Astronomers have discovered a new type of cosmic explosion. Extremely bright, quick to fade away, and in an old galaxy where massive stars going supernova shouldn’t happen, the event – called AT2022aedm – might have been caused by a peculiar collision.
The event seemed like a supernova, the explosive death of a star, but it did not fit the profile for several reasons. It was much brighter than your average supernova but faded a lot more quickly. For these reasons, the team is calling it a Luminous Fast Cooler (LFC).
“We’ve been hunting for the most powerful cosmic explosions for over a decade, and this is one of the brightest we’ve ever seen,” Dr Matt Nicholl, from the School of Mathematics and Physics at Queen’s University Belfast, said in a statement.
“Usually, with a very luminous supernova, it will have faded to maybe half of its peak brightness within a month. In the same amount of time, AT2022aedm faded to less than one percent of its peak – it basically disappeared!”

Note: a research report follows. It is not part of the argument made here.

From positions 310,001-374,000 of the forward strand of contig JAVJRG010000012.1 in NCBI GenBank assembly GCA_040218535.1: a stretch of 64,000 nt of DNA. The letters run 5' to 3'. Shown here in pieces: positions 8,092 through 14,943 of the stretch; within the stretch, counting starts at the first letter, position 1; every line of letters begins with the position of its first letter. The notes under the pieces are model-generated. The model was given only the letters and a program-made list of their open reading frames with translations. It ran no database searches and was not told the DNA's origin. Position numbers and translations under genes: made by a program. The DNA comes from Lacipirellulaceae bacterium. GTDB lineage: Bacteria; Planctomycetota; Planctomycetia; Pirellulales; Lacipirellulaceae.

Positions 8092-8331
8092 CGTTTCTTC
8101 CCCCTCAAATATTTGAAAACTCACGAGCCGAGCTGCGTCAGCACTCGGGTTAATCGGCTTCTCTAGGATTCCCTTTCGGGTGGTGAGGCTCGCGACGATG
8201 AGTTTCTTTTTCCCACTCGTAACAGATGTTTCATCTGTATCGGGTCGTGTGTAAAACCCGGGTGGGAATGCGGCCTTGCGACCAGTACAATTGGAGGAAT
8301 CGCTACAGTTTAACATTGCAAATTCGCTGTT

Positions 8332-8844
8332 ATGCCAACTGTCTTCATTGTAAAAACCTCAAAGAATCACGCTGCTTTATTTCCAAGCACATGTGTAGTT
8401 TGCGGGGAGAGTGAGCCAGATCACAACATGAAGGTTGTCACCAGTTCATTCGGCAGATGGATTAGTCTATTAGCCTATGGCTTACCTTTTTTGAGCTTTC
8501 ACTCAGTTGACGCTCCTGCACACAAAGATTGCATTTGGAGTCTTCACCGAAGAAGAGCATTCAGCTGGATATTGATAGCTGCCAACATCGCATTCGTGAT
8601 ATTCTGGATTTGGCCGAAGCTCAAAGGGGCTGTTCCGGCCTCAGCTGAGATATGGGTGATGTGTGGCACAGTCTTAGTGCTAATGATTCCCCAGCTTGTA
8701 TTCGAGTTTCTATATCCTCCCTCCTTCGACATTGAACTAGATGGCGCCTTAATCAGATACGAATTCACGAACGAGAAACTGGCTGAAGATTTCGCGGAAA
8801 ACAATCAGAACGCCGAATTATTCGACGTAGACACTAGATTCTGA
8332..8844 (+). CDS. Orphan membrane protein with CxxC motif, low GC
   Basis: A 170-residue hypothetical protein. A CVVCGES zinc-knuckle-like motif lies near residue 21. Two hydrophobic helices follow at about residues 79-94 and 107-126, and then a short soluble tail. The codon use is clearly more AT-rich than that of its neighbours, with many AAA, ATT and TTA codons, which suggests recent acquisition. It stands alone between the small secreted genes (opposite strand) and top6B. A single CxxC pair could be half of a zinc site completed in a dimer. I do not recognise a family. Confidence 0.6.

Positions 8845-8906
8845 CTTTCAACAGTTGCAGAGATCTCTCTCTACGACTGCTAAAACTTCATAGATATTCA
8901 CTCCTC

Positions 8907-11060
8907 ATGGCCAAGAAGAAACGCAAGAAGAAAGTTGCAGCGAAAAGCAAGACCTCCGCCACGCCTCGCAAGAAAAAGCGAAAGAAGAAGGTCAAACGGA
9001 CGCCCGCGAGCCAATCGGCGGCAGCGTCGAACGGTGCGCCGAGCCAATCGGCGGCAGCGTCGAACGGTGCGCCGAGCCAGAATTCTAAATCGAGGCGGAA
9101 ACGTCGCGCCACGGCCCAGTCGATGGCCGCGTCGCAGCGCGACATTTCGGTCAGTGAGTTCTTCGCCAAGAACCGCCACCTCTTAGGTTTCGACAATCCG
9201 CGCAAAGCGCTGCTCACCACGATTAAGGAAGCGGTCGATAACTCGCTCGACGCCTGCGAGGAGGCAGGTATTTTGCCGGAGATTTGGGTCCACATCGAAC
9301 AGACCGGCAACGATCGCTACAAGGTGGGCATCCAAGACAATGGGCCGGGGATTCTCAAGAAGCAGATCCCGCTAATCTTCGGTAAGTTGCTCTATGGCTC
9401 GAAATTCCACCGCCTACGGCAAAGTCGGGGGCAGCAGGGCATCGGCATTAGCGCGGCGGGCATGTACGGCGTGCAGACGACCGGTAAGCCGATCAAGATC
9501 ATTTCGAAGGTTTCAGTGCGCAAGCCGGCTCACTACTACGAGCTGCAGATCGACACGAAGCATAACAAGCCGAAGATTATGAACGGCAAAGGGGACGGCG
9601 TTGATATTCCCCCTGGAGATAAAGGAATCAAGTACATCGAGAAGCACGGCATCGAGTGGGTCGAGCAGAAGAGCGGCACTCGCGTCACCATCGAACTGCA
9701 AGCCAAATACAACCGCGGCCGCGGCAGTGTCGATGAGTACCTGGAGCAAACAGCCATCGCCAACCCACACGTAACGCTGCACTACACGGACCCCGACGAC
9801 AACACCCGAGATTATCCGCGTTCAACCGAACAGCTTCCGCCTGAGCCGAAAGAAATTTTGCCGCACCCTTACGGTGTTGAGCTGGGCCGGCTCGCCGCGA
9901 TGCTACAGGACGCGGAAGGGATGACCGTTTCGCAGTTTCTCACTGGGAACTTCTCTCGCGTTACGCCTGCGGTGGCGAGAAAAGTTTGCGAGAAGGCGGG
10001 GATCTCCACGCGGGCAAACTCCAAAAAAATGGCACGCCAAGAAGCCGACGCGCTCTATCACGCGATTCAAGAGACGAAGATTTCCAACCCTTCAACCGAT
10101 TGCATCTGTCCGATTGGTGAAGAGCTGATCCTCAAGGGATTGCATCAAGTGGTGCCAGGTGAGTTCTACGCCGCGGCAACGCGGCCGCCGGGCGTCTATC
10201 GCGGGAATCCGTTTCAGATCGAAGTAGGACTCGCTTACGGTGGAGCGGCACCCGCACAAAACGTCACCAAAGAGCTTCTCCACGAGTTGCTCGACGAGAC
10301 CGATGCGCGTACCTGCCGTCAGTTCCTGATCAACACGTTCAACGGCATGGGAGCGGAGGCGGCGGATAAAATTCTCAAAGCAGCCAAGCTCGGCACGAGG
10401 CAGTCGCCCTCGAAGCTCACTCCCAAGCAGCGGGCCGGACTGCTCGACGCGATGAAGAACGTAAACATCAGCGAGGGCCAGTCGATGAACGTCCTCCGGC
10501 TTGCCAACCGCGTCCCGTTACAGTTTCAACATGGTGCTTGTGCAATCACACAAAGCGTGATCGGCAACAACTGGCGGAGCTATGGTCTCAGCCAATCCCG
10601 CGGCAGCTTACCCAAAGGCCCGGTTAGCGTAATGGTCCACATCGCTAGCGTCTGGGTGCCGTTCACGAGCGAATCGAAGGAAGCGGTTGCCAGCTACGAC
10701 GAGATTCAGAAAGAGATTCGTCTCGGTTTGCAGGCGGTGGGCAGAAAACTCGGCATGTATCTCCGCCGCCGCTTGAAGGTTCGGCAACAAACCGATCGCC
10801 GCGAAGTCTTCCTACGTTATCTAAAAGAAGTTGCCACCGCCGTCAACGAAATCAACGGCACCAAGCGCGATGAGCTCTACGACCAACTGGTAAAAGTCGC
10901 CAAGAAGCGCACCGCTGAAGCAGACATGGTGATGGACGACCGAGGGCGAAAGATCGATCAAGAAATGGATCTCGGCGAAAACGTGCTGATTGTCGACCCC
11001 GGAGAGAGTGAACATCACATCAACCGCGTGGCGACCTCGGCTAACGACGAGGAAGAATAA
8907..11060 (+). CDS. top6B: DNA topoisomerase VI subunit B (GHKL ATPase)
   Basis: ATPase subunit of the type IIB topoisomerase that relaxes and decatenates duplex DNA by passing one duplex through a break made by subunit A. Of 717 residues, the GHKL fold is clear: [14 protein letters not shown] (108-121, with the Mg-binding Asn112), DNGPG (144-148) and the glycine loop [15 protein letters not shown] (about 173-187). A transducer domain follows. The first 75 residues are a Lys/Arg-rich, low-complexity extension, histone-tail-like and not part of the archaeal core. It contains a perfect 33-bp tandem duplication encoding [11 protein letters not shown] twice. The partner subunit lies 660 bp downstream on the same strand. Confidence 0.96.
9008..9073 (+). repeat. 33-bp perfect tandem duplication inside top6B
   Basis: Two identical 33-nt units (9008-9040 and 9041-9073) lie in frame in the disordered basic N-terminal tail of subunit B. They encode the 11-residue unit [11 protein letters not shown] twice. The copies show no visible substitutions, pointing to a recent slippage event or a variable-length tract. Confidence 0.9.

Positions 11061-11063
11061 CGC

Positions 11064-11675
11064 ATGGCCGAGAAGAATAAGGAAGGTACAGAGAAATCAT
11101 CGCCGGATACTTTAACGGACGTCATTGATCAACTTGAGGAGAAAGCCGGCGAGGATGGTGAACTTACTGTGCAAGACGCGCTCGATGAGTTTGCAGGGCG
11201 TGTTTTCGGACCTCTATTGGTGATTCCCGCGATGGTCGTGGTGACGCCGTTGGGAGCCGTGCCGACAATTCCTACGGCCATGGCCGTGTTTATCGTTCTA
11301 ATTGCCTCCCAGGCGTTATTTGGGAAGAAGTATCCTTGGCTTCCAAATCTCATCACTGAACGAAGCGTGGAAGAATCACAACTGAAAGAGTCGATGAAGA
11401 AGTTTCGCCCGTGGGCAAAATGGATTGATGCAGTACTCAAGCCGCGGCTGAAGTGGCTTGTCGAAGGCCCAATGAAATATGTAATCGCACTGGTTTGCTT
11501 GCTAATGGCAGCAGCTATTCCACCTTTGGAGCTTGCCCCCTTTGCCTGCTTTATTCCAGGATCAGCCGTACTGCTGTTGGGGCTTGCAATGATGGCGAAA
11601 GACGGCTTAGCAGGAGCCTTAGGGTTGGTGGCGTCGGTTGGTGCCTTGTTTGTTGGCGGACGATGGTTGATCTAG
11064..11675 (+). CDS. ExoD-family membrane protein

There have been other transient events that changed as quickly, but the luminosity of this event is extreme. The X-ray and radio emissions also don’t match other peculiar transients, like the explosion known as The Cow. And the other weird thing about AT2022aedm was its location.
“Our data showed that this event happened in a massive, red galaxy two billion light years away. These galaxies contain billions of stars like our Sun, but they shouldn’t have any stars big enough to end up as a supernova,” Dr Shubham Srivastav, also from Queen’s University Belfast, added.
So the event couldn’t have been a massive star exploding and it did not look like it was a star being ripped apart by a supermassive black hole at the center of a galaxy. The researchers then considered another explanation: maybe this was a collision between a star and a much smaller black hole, one not much heavier than the star in question.
“The exquisite data set that we have obtained rules out this being another supernova. The most plausible explanation seems to be a black hole colliding with a star,” Dr Nicholl added. “If we find more LFCs, especially in the more local Universe, we should be able to test this scenario. Collisions are more likely in dense star clusters, so we can look for these at the sites of the explosions.”
In archival data, the researchers found two more examples of these events, one from 2009 and one from 2020. They were observed automatically, but at the time they were not recognized as their own distinct events.
The study is published in The Astrophysical Journal Letters.